You probably won’t want mustard or mayonnaise, but if you do, squirt on a bit of my honey mustard sauce, or a smear of my spectacular Caesar salad dressing.

ALTERNATE: You could substitute a few very thin crispy apple slices for the radishes, for another choice. You will see there’s no lettuce in this sandwich, but you could always shred any lettuce and add.

And for another day: substitute thinly shredded leftover roast beef for the honey ham and complete the croissant sandwich as above.

Portobello Sandwiches

Spritz with olive oil and grill portobello mushrooms on high heat on a preheated barbecue.

Make a hungry man dinner sandwich using the large grilled mushrooms instead of bread.

Top one mushroom with roasted chopped mixed colour bell peppers, grilled Spanish onions, chopped or sliced. A fat thick slice of beefsteak tomato from your own garden is a great addition, along with a big crispy lettuce leaf.

Chopped garlic or oven roasted garlic, if it is your love, creates a dream combo.

In a stovetop pot, scald a cup of half-and-half cream. Let rise and fall three times. Turn off heat, stirring the cream so it doesn’t burn.

Add a half cup of your favourite blue cheese. Stir to incorporate. But leave lumps. Grind a few black peppercorns. Remove the pan from heat. Let it sit briefly. The sauce will thicken and coat a spoon.

Drizzle the warm sauce over the roasted peppers and onions. Position a second portobello mushroom on top or serve as an open-face sandwich. Now you have a delicious spectacular portobello sandwich. It tastes like steak.

To make a larger meal, as a side, serve giant pommes frites or zucchini fries.

A French onion soup, topped with under the broiler yummy Mozzarella cheese and sprinkled with miniature garlic baguette slices on the melted cheese that you have toasted until crunchy, will make for a memorable meal.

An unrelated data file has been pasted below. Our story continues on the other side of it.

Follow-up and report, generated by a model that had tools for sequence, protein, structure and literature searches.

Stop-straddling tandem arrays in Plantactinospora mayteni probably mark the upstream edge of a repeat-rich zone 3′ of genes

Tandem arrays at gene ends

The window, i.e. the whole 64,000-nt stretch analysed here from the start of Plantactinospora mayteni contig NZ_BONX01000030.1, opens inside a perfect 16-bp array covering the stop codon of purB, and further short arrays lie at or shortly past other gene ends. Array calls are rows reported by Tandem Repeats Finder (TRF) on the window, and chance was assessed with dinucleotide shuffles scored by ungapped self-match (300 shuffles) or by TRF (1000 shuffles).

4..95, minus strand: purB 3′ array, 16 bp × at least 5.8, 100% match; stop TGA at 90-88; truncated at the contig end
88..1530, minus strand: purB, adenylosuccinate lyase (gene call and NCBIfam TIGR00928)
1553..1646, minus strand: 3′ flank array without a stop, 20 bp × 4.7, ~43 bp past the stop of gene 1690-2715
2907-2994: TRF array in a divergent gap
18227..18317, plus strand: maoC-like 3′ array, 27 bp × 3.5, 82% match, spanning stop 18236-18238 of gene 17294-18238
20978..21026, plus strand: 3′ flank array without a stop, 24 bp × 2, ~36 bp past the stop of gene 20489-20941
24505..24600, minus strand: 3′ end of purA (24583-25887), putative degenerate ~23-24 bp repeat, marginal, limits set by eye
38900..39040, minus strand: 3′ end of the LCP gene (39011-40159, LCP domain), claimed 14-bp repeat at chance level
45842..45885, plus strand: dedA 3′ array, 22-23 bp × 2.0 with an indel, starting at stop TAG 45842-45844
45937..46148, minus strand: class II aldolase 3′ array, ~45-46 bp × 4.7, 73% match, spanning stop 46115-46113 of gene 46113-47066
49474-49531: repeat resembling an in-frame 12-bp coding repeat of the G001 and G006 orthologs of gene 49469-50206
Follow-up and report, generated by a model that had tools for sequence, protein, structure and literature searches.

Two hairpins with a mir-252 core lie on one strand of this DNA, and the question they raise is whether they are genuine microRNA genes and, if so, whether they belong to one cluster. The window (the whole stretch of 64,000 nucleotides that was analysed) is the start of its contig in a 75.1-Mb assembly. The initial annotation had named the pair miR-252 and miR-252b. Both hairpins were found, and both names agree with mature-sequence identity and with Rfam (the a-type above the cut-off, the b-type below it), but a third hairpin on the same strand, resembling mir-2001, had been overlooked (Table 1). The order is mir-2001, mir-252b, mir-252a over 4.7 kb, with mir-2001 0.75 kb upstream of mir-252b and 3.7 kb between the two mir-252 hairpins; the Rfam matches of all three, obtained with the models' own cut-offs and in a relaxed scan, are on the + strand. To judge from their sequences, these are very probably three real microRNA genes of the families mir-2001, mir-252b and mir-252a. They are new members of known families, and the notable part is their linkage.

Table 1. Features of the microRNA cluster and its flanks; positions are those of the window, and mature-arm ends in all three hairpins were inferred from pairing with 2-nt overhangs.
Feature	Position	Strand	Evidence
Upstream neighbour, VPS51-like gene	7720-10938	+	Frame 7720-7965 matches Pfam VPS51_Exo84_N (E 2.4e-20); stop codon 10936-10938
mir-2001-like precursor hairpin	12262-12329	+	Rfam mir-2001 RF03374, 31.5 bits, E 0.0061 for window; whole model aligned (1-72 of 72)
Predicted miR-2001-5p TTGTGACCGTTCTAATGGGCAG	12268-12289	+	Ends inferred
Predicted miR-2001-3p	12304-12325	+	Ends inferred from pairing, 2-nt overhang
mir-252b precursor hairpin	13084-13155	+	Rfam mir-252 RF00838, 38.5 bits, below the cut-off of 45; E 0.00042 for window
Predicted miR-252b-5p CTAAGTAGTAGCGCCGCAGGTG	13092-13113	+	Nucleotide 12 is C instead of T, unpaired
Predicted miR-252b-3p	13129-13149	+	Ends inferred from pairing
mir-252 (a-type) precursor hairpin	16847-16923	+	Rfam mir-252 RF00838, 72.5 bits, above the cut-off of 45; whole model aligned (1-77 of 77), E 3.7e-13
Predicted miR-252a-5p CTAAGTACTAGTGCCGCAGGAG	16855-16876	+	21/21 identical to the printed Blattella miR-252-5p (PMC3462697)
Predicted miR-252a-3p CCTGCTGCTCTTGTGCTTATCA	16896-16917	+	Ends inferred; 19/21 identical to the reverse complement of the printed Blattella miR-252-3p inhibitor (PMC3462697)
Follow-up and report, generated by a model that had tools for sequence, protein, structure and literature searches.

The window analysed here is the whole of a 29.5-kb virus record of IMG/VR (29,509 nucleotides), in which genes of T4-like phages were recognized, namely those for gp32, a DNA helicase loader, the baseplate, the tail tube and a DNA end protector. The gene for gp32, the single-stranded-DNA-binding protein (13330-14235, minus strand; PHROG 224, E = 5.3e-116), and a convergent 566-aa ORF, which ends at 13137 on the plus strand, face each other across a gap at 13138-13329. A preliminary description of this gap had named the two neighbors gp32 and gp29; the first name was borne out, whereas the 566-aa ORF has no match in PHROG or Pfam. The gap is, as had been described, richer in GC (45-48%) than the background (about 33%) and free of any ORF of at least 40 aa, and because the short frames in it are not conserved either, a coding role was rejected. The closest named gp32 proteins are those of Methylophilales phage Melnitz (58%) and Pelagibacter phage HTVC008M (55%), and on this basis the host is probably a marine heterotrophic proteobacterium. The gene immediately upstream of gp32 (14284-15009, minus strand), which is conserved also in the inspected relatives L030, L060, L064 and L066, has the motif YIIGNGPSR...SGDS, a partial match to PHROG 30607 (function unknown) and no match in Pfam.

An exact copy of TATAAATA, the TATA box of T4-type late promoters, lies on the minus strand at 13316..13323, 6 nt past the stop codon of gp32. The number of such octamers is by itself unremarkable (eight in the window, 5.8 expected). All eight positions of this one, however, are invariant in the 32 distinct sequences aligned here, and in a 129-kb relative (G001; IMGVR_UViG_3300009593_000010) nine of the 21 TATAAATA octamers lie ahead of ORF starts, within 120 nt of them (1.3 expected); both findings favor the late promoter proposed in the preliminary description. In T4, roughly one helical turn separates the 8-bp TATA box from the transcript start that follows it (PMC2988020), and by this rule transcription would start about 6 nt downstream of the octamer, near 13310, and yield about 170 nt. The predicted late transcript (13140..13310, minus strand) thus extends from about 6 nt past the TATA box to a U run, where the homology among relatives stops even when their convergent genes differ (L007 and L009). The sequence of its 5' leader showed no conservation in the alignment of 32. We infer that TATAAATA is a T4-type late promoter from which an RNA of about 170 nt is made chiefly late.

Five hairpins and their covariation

Simple Simon says enjoy!

Oh, and don’t forget your goat cheese grilled cheese sandwich in my  REM spinach column. (Scroll down to Comments.)

The working title for Carolyne’s Gourmet Recipes cookbook is From Lady Ralston’s Kitchen: A Canadian Contessa Cooks. This kitchen-friendly doyenne has been honoured and referred to as the grande dame of executive real estate in her market area during her 35-year career. She taught gourmet cooking in the mid-70s and wrote a weekly newspaper cooking column, long before gourmet was popular as it is today. The cookbook will be available in the coming year. Email Carolyne.

1 COMMENT

  1. Crostini and Tapas or Bruschetta are just open-face sandwiches. Served hot, cold or at room temperature, they are always welcome “fast food,” my way.

    This is perfect realtor-on-the-run food. Made in just minutes any time of day.

    For folks dropping in unexpectedly or invited to a backyard soirée, by definition, either of these edibles comes to the rescue. A list of toppings is endless. A starter, an amuse bouche, or a way to end a perfect meal hours later, a late night snack as the group dispels, or as a lazy morning next day sleepover breakfast…